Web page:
The NES era solidified the idea that licensed games weren't worth playing, with examples like Jaws, Total Recall and X-Men. There were exceptions to the rule, and at the time, most were published by Capcom. With the possible exception of Mickey Mousecapade, if you saw Capcom was behind a Disney game, you could almost guarantee it would be good. The game that started it all was DuckTales, which was based on the popular syndicated animated series. The game was good and has been given an almost mythical status over the years. In a surprise move, Capcom announced at PAX East 2013 that it was going forward with a remastered version of the game for current-generation consoles and PC, with WayForward at the helm. In the face of high expectations, DuckTales Remastered succeeds at pleasing to both old and new fans.
DuckTales Remastered now takes some time to set up the story with cut scenes and a tutorial level. The Beagle Boys are trying to break into the money bin, and while Scrooge has a pretty high-tech security system, it's been sabotaged. Playing as Scrooge McDuck, you must use a combination of pogo jumping and cane-swinging to rescue your nephews and drive away the Beagle Boys. Along the way, you discover an old painting with a map that reveals the locations of five ancient, priceless treasures. An adventurer at heart, Scrooge takes on the quest to retrieve all five treasures and solidify his place as the richest duck in the world.
Providing a reason for the adventure is certainly a modern tactic since the original game didn't need much setup, but it plays out rather well. From the beginning, the setting and dialogue feel like they came from an official episode. There are some familiar adversaries, like the trio of Big Time Beagle, Bouncer and Burger, and each section feels like part of a multiple-episode story arc. The journey to the game's final level also makes more sense now and cements the episodic feel.
Completing the opening level gives you access to Gyro's supercomputer, and it's here that the familiarity with the old game starts to creep in. The five main levels are all available from here, and you can tackle them in any order. Once a level is completed, you can't revisit it until the game is complete. Throughout each level, you'll poke around for gems and defeat enemies with your pogo jump or with objects propelled by your golf swing. There's a healthy amount of platforming, and a boss fight is always the last obstacle before you reach the treasure.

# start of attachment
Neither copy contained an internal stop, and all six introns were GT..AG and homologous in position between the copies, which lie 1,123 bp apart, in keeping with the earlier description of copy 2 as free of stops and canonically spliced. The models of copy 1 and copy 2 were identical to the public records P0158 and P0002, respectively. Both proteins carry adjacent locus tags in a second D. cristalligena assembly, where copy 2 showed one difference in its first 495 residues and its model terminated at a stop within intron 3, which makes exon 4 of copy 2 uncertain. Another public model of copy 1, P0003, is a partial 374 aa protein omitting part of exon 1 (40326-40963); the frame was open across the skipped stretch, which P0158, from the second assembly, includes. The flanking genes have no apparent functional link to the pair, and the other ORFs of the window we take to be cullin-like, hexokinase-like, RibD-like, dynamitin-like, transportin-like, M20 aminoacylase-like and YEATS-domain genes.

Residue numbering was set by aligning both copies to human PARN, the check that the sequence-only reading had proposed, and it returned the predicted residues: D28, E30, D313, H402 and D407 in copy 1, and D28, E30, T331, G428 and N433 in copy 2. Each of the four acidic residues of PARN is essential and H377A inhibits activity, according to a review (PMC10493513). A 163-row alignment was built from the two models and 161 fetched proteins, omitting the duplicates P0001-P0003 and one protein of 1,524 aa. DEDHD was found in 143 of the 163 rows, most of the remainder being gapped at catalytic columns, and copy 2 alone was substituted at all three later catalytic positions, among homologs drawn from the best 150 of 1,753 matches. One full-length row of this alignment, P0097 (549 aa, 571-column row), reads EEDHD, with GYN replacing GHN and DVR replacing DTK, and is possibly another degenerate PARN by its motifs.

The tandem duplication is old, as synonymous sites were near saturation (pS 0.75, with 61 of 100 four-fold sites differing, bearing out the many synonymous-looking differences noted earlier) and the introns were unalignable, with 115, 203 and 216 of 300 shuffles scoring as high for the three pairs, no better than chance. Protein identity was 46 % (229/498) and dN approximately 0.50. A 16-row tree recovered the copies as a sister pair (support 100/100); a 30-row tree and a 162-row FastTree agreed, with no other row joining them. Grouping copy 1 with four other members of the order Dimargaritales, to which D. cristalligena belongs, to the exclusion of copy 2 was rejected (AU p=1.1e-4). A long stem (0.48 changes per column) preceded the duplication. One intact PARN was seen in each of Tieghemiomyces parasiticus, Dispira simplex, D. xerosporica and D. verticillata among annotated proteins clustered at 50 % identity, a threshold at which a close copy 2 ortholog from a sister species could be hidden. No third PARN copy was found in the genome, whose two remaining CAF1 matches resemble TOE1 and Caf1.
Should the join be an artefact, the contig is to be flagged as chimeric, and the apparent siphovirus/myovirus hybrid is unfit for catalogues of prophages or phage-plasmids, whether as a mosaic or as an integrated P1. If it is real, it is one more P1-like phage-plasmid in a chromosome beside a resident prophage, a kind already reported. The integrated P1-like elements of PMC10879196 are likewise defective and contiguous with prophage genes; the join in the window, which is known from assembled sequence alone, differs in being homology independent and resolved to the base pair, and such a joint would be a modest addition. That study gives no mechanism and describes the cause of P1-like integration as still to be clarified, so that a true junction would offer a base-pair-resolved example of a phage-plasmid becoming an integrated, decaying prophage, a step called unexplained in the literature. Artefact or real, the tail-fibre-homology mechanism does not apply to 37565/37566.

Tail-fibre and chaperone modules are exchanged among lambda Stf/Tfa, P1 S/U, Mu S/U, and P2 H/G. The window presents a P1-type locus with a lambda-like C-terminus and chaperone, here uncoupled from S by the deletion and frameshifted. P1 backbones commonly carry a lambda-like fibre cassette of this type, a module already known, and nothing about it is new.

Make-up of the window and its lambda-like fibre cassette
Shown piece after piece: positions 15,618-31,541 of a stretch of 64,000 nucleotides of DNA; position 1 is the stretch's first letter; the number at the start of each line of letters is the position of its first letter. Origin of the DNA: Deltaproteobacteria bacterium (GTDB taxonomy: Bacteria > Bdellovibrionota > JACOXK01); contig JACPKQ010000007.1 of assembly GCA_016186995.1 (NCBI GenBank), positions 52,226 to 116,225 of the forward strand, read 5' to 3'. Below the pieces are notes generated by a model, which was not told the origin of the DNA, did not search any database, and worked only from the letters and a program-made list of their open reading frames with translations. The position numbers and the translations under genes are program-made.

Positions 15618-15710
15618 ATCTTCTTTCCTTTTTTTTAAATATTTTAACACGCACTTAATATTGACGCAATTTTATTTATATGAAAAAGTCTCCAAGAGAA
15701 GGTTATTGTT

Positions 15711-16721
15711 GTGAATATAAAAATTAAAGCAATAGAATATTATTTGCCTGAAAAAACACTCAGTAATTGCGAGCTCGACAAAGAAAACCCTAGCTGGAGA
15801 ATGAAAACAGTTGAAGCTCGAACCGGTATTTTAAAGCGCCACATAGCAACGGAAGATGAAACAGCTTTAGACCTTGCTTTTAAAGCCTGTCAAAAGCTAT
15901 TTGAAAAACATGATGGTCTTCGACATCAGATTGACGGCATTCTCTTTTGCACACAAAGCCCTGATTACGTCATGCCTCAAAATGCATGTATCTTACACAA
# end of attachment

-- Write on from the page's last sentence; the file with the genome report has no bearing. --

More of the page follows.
The game isn't a straight-up, high-definition port of the original NES game, so there are lots of changes to help the game connect better with a modern audience. The levels have been expanded with more floors to explore and a bevy of miniquests and minibosses. Cut scenes have been added to give each level some story structure and explain some elements. The game timer is also absent, so you can explore each stage at your leisure. A map has been added for those who might get lost in the new, larger levels. There are also more checkpoints in each level, so you don't need to restart at the beginning if you die. The commands for executing a pogo jump have also changed to jumping and holding the X button. It isn't a noticeable change for those experienced with the original game because muscle memory will take over, but new players won't have to deal with learning the old way, especially if they aren't fans of the d-pad on the Xbox 360 controller.
For older fans who are reeling at how much the game has changed from the original, they can take solace in knowing that many portions remain the same. Despite the expansion of level size, much of each map is exactly the same as the original. The paths, layouts and secrets are all there and instantly familiar to those who have played the original, even if the map layout splits these areas. Though the game doesn't punish you by making you play the whole game after you lose all lives, it resets all of your progress in a level if you deplete your stash of lives. Exploration is still rewarded, so there are lots of diamonds and secret areas for those who are willing to look. Enemies remain the same, though bosses may have some new moves. Respawning enemies are also present here, and Scrooge has to drop from one rope to another instead of leaping for it.
The result is a title that manages to cater to both old and new fans. The game isn't as punishing to newcomers as it once was, but it isn't a cakewalk, either. The balance between being too easy and maddeningly difficult is there, and the result is a fun game with the right amount of challenge. It also addresses some issues from the original. Pogo jumps, for example, don't suddenly stop and leave you vulnerable to stepping on enemies or spikes. The only time a jump won't work is if you land at the very edge of a platform where the cane doesn't touch the ground. Enemies don't intentionally block your way now, so you no longer have to take a hit because foes won't move.